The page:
Then you start enjoying your life even with these constraints. And sometimes you forget your ambitions and get comfortable with the current life.
But sometimes you still have that dream kindling in your mind, and as soon as you get an opportunity, you seize it and make some progress towards your ambition. And now you are empowered to take in charge of your life, make your own decisions, decide your own speed of execution — until you hit the next set of responsibilities and constraints in front of you.
Driving — when you’ve a responsibility
Another interesting thing that happens when you’re driving — especially with your loved ones (family or friends) is — now you’re responsible to drive them safely.
They trust you and know that they are in safe hands and are free to enjoy the natural beauty around or take some power nap. And it’s very likely that you won’t be able to have the same fun as they can have. You can’t take your eyes off the road and look around for a long time. You can’t just close your eyes and take some power nap.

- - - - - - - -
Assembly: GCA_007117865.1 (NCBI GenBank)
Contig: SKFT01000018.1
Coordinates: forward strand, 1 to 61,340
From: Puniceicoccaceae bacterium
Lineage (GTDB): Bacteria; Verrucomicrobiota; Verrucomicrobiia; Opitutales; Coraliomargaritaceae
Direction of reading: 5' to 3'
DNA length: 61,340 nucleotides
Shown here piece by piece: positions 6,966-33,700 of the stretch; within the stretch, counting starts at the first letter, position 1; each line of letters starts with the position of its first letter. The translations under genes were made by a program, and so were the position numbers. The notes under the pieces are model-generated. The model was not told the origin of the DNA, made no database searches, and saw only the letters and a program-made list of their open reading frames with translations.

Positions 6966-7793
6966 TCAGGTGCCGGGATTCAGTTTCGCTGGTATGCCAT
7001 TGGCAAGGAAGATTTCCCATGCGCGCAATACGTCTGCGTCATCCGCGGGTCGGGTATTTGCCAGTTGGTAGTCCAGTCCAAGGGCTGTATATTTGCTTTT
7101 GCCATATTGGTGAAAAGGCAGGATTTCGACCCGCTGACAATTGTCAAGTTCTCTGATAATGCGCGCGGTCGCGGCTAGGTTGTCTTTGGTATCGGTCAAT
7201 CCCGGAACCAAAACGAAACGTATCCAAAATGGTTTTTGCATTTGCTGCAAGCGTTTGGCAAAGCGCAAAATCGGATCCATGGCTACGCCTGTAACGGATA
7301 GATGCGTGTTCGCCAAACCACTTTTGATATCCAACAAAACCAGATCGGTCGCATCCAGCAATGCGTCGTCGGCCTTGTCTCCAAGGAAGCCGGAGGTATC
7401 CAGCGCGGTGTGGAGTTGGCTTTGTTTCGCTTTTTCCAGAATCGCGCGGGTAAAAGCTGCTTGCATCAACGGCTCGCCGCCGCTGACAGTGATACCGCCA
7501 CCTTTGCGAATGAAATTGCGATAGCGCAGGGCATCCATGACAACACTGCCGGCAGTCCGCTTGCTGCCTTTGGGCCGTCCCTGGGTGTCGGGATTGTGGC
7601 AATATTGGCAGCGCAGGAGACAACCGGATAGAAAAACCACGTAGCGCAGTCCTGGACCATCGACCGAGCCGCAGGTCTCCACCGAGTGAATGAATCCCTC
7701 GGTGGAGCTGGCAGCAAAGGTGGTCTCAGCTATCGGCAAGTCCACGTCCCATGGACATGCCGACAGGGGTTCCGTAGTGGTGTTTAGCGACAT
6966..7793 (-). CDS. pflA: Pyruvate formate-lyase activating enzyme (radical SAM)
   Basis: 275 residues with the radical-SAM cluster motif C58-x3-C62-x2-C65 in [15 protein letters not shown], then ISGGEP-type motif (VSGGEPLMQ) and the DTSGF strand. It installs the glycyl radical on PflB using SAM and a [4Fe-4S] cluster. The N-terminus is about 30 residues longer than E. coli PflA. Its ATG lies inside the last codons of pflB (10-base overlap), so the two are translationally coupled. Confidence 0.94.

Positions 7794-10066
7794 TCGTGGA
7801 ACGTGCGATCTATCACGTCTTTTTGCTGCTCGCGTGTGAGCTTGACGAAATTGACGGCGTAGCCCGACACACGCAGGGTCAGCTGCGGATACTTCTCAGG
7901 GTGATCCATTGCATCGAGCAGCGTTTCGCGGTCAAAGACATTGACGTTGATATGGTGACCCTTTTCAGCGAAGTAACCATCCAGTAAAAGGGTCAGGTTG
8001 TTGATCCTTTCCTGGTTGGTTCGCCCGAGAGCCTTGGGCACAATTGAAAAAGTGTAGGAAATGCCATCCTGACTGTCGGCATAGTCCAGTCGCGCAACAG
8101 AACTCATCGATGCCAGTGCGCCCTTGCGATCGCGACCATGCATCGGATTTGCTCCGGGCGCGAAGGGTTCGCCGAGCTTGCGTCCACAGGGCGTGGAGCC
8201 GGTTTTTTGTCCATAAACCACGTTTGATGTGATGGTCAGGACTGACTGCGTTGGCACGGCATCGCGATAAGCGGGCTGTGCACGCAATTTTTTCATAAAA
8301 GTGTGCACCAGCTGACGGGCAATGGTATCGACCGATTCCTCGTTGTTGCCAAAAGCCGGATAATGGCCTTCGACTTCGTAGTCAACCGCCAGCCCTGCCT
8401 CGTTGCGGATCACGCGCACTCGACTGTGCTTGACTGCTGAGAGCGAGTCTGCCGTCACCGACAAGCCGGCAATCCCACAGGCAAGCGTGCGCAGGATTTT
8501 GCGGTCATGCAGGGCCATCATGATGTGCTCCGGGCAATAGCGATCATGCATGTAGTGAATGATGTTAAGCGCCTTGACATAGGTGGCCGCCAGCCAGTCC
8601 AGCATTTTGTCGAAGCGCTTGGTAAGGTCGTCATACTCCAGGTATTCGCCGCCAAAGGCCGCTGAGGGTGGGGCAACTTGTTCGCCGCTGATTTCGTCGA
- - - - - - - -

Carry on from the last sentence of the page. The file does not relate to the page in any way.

But when you look around and see that your loved ones are sleeping well, or having great fun, then you don’t feel anything less than proud and happy of your responsibility to drive them safely.
Living life — when you’ve a responsibility
This also happens in our life too. Sometimes you’re responsible to take care of your family — it could be anything — financial, health, or any kind of support, etc.
They trust you and know that you’ll take care of them. And with your support, they might be able to enjoy their life again. And it’s very likely that you may need to work hard or sacrifice few things to give them that support, and as a result, you may not be able to enjoy your life to the fullest.
But when you look around that your loved ones are having fun, you don’t feel anything less than happy of your responsibility to take care of them and supporting them in any way you can.